Ambulance chiefs plan a shake-up of contact centres in the north-east of England, claiming they would not stand up under a terrorist attack.
The North East Ambulance Service NHS Trust (NEAS) says the move will involve closing an existing 999 call centre on Teesside and moving it to Tyneside.
Currently, centres in Newcastle and Middlesbrough have technical links and operate as a single virtual centre.
But bosses say this model could fail under an attack or major incident.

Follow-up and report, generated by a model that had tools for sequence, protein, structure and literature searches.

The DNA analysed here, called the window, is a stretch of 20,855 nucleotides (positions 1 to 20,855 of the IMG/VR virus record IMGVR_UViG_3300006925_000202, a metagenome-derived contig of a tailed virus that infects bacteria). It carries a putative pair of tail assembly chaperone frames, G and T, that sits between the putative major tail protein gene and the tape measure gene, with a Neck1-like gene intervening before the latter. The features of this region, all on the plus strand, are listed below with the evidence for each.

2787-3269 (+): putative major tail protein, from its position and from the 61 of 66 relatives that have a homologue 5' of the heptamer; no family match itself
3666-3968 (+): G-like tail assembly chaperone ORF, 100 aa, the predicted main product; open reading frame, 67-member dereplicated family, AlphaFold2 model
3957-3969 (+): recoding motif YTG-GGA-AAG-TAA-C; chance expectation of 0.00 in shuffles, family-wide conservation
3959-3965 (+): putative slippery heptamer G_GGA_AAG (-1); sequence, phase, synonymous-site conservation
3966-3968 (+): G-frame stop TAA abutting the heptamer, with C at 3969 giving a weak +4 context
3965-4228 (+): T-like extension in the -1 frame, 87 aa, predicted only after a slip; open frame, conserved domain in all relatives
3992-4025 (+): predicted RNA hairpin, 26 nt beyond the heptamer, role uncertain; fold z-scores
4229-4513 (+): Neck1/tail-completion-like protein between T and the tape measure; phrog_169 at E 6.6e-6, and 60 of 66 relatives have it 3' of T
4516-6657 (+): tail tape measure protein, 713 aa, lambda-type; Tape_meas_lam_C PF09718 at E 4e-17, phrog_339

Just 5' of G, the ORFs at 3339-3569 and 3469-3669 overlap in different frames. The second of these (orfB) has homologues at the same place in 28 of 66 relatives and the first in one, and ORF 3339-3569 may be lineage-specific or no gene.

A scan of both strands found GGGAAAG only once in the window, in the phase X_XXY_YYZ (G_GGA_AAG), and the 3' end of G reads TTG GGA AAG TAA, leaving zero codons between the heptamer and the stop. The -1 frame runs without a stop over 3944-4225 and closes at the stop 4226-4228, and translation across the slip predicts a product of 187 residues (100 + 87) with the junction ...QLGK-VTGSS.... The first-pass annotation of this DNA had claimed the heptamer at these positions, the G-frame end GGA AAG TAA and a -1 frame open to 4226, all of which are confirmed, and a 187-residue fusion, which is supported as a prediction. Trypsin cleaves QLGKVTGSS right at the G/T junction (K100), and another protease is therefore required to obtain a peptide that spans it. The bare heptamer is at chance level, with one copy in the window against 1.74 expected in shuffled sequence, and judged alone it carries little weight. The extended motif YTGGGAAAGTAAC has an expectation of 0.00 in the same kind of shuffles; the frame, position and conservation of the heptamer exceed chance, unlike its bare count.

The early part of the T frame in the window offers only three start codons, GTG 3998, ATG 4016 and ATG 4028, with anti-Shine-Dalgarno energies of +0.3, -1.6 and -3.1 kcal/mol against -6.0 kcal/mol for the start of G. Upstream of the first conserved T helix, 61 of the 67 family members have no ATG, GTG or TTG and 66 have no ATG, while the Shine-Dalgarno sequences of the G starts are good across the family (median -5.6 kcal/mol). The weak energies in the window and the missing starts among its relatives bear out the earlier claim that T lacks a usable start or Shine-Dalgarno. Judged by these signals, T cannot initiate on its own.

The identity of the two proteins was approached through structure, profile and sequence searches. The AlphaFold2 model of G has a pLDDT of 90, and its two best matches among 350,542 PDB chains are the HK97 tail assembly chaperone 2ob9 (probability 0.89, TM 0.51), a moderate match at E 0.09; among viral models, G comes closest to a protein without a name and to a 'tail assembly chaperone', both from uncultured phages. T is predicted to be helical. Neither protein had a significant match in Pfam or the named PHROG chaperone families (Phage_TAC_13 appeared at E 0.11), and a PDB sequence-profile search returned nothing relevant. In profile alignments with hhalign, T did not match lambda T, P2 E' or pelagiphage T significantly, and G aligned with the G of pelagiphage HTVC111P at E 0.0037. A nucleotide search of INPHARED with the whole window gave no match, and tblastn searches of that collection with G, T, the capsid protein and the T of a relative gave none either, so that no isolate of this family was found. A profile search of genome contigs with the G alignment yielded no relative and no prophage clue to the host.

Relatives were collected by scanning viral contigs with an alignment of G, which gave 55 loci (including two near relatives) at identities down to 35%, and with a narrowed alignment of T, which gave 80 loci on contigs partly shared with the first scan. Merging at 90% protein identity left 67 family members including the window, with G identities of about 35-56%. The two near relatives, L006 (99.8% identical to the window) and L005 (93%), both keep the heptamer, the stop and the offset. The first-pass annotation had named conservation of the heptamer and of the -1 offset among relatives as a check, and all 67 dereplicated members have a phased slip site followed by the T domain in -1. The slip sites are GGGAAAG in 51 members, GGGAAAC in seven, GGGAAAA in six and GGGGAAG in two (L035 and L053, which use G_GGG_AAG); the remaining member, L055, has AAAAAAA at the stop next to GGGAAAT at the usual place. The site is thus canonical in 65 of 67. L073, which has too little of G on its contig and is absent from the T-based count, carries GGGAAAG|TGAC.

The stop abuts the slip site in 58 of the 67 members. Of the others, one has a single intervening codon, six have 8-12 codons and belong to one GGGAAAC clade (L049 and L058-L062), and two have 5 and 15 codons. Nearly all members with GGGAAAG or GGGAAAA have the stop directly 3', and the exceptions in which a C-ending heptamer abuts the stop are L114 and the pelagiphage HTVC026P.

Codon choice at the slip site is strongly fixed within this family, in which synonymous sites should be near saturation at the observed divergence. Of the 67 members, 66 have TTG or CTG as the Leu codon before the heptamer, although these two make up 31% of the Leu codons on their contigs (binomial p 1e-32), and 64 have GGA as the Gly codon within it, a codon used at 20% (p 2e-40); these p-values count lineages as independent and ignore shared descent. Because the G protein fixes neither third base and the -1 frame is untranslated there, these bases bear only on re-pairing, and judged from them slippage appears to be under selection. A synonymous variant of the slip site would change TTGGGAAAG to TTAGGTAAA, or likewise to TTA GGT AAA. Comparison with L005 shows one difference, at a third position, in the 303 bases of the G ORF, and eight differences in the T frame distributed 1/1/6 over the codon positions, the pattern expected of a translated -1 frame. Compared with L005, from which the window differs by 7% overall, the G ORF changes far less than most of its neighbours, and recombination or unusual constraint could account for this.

A study has recommended there should be two independent contact centres for the North East.
The ambulance service now plans to keep its existing centre in Newcastle and create a second centre in Hebburn on South Tyneside.
Colin Cessford, director of strategy and clinical standards, said: "The review of our current set-up showed that we needed to improve our resilience in the event of a catastrophe.
"It will have no impact on the location of ambulance stations or the ambulance crews who currently respond to the calls we receive.
"Terrorist attack and natural disasters in recent times has highlighted the need for us to ensure that we can maintain a continuous and uninterrupted service for the whole region."